A busy week ahead. I have a number of online events coming up, which may be of interest to followers of this website.
A major controversy has developed in Edinburgh over a huge development that was allowed to go ahead in the World Heritage Site without planning permission.
The Commonwealth Association of Planners has announced the winners of its Young Planners essay competition. The topics addressed by the winners were how to plan for better care of an aging population, and the nature of place-making.
Might plans for a make-over for Edinburgh's West Princes Street Gardens lead to a partial privatisation of an iconic public space?
The first issue of a new journal gives insights to new ways of thinking about cities.
Public spaces are integral to healthy and prosperous cities. This was the theme of a major conference last week in the run-up to next year's Habitat III global summit. Place-making needs to be seen as contributing to the 2015-2030 Sustainable Development Goals.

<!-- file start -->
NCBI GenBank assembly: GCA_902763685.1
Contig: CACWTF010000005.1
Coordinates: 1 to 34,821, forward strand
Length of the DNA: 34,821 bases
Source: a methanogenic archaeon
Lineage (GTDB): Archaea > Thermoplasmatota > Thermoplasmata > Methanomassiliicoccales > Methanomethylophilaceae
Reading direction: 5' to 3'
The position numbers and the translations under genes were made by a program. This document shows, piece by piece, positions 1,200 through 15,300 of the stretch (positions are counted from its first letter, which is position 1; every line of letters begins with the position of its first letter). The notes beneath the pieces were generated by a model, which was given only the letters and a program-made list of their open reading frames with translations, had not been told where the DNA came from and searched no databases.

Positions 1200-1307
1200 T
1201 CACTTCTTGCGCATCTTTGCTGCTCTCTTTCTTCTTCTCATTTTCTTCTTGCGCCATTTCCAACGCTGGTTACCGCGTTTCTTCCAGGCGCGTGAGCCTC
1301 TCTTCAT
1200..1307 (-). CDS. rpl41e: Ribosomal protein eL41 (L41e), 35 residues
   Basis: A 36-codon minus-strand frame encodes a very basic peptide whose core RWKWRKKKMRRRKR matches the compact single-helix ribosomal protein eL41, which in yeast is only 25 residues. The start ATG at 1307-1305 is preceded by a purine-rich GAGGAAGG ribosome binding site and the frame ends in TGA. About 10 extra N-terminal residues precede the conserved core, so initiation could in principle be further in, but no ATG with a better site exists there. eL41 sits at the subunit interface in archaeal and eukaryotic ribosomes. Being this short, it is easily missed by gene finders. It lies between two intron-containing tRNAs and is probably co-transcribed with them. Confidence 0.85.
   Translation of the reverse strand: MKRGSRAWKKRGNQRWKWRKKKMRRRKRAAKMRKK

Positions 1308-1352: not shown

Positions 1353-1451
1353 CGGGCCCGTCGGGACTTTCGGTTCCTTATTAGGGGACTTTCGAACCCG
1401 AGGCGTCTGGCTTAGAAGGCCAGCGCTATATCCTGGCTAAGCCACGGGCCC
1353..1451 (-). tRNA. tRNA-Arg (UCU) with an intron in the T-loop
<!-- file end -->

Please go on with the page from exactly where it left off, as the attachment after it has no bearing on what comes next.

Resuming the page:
Ideas for reviving flagging public markets as places to shop, eat and meet were presented by experts at an international conference in Barcelona this week. With many public markets struggling to adapt to changing patterns of shopping the need for design and innovation has never been stronger, and the answer lies in creating a sense of place.
A wide-ranging review of the research literature reveals that living in an environment with plentful greenery seems to be associated with a number of indicators of good health. The study reveals what the authors say is "fairly strong evidence" that there is a positive association between greenness and physical activity.
Spending a couple of days in Tel Aviv has enabled me to walk through the part of the town that was designed by Sir Patrick Geddes in the 1920s. The legacy of that plan is still evident today in what has become Israel's main gateway city. Can some of Tel Aviv's dynamism be traced back to Geddes vision? What are the lessons for today's planners?
Look at your town centre as a network of gardens, a promenade, a stage and be prepared to be outrageous. This was the advice given by Julian Dobson to meeting of the Scottish Towns Partnership in Edinburgh. He stressed the need to challenge the existing narratives about town centres which are too often about decline and narrowly focussed on retailing.